Skip to main content
Premium Trial:

Request an Annual Quote

International Newborn Genome Sequencing Projects Discuss Differences, Future Goals


LONDON – Newborn genome sequencing projects focusing on seemingly healthy babies shortly after birth are forging ahead around the world, but their approaches differ according to each country's population structure, disease prevalence, healthcare system, treatment availability, and more.

At the second International Conference on Newborn Sequencing (ICoNS), held at the Royal Institution in London last week, researchers representing 12 newborn sequencing research programs in the US, the UK, Europe, Australia, and the Middle East discussed their progress to date and future plans, along with broader discussions on healthcare economics, downstream treatment, and patient perspectives.

While some projects are in the preparation stage, others have enrolled their first infants, and at least one project has returned results to thousands of participants, among them more than a hundred positive results.

The goal of these programs is basically the same: By identifying a genetic risk for a rare disease early, the thinking goes, children can be tested further and closely monitored for phenotypes and receive treatment at the earliest possible moment when irreversible damage can still be prevented. In addition, they can be considered for clinical trials of new drugs in development. David Bick, principal clinician of the newborn genomes program at Genomics England, pointed out that treatable rare genetic diseases are both numerous and, in aggregate, common. Among 766 treatable genetic diseases, he noted, 727 are found in children, and one in 175 individuals are born with such a disorder.

Apart from differences in the timing of enrollment — prior to birth, or in the days and weeks after — and the mode of obtaining informed consent, along with what type of sample is used for sequencing and how quickly results are generated and returned to families, one notable difference among the projects is their initial "gene list," or which genes they decided to analyze for variants associated with treatable or otherwise actionable diseases. Several presenters noted that there is only modest overlap between their own gene list and that of other projects, despite the fact that their overall goals are similar.

Newborn genome projects are also beginning to engage with existing newborn screening programs, which differ significantly among countries, ranging from the UK, which screens for only nine conditions, to the US, where the Recommended Uniform Screening Panel (RUSP), a national guideline that is followed by many states, includes about three dozen core and another couple of dozen secondary conditions.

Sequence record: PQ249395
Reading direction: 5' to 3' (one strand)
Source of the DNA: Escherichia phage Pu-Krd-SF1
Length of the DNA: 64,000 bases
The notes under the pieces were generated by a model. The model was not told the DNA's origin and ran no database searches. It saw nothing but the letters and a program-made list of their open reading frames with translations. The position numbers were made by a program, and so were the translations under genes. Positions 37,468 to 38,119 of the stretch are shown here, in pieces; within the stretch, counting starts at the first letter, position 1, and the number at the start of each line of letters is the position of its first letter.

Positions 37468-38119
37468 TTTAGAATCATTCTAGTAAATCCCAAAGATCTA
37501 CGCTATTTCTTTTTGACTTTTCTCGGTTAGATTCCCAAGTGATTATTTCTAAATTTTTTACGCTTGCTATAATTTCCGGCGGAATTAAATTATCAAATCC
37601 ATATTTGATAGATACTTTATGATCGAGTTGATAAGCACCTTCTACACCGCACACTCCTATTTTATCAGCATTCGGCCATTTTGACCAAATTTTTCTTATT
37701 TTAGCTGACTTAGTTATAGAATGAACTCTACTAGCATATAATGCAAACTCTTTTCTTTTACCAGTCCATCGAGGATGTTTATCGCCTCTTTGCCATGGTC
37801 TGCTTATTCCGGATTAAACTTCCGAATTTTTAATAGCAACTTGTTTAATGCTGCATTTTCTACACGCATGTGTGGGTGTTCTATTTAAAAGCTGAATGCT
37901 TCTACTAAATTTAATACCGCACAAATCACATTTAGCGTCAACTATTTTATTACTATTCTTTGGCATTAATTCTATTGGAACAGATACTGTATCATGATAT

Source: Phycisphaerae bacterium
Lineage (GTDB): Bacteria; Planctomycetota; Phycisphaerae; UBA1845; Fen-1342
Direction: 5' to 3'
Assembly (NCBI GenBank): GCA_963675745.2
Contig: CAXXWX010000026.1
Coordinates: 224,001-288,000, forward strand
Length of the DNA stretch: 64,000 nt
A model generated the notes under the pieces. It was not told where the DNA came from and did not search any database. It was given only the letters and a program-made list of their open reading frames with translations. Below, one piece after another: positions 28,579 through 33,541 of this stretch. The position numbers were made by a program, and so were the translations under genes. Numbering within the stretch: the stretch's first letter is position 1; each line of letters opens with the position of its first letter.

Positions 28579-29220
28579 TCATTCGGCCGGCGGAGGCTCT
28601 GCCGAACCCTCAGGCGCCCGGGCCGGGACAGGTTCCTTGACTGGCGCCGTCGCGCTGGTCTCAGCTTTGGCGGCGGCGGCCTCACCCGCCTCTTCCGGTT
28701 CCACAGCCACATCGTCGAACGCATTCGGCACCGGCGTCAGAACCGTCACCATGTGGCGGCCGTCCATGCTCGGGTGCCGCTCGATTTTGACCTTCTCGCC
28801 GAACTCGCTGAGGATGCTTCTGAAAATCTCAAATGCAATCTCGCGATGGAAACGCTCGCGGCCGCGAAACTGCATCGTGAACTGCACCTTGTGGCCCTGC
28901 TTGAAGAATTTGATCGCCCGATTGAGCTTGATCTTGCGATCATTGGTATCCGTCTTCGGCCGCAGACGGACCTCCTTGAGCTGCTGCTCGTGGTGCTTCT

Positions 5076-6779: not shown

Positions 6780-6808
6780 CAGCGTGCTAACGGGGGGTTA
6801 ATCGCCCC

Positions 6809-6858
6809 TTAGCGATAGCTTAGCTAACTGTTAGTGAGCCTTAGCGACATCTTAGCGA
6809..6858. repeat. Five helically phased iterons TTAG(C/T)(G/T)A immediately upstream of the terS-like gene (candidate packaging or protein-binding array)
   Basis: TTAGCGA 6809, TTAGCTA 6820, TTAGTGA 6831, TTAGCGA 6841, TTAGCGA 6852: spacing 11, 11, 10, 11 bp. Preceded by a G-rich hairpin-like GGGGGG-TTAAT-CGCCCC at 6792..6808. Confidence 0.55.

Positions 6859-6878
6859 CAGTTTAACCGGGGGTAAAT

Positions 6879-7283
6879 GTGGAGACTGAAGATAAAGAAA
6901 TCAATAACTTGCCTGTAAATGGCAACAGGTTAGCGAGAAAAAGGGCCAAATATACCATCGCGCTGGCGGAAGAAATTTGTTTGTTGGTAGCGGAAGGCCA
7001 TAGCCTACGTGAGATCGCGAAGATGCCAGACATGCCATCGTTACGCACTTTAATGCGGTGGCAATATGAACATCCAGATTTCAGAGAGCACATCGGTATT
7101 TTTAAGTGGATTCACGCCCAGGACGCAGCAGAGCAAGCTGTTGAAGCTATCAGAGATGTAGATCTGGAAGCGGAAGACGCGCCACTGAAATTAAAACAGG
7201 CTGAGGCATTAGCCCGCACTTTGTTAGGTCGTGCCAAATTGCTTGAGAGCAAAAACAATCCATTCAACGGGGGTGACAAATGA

Both keynote speakers at this year's ICoNS meeting — Sir Michael Richards of the UK National Screening Committee and Carla Cuthbert of the US Centers for Disease Control and Prevention's Newborn Screening and Molecular Biology Branch — provided perspectives of traditional newborn screening programs. In Richards' words, these aim to "do more good than harm at a reasonable cost," and in the past, they have been slow to add new conditions, mostly in order to avoid false positive results and overtreatment. Several meeting participants mentioned that the addition of hundreds of conditions through genomic testing might make parents opt out of newborn screening altogether, which has enjoyed high participation rates in many countries.

As such, it remains to be seen if, how, and when newborn genome sequencing will be integrated into traditional newborn screening, or whether it might remain a separate, optional test instead. Already, companies have started offering newborn genomic sequencing tests to parents of neonatals, such as Revvity's ViaCord. At the meeting, Madhuri Hegde, CSO and senior VP of Revvity, presented results from a recently published study of ViaCord's service. Robert Green, professor of medicine at Harvard Medical School and a co-PI of the BabySeq2 study, also mentioned during his presentation that he founded a company, Nurture Genomics, that plans to launch similar services.

Conference attendees maintained, though, that assuring equitable access to screening and treatment remains the most important ethical issue newborn sequencing programs are facing. In a poll conducted during the meeting, almost a quarter of 123 participants chose this issue as their top priority, while another quarter picked developing appropriate return of results protocols.

Likewise, asked to pick the most pressing equity issue for newborn genomic sequencing programs to address, almost half of respondents chose assuring access to follow-up care and treatment, while more than a quarter voted for universal access to sequencing. Regarding the most important outcome for harmonization across newborn sequencing projects, two-thirds of survey participants voted for clinical utility and associated measures.

A dozen projects provided updates during the two-day meeting, including many that presented at last year's inaugural conference in Boston. New this year was NewbornsInSA, a study in South Australia that plans to use a multiomics approach, including whole-genome sequencing on 1,000 newborns, but has not started enrollment yet; and the Perigenomed project in France that plans to enroll 2,500 newborns in a pilot study and will be part of the European-wide Screen4Care consortium. According to Laurence Faivre, a professor at Dijon University Hospital, Perigenomed's current gene list has only 60 genes in common with a number of existing newborn sequencing projects.

Another new project, presented by Khalid Fakhro, chief of research at Sidra Medicine in Qatar, plans to enroll 2,000 babies for a pilot study and scale up to 5,000 infants by 2025. In addition to screening for treatable inherited conditions, the project will also include polygenic risk scores with certain conditions, such as type 1 diabetes.

Among the studies presented, the GUARDIAN study, presented by Wendy Chung, chief of the department of pediatrics at Boston Children's Hospital, appears to be the farthest along. Conducted by Columbia University, NewYork-Presbyterian, and the New York State Department of Health in collaboration with GeneDx and Illumina, the project has so far approached 7,050 families, of which 5,133, or 73 percent, have enrolled and 4,256 have received results. Almost all families were consented in person and only 4 percent remotely. The cohort remains diverse with more than 30 percent of participants reporting as Hispanic, about 25 percent White, more than 10 percent Asian, almost 10 percent Black, and almost 10 percent mixed ancestry. Mean turnaround time for results has been 36 days and has been getting shorter lately.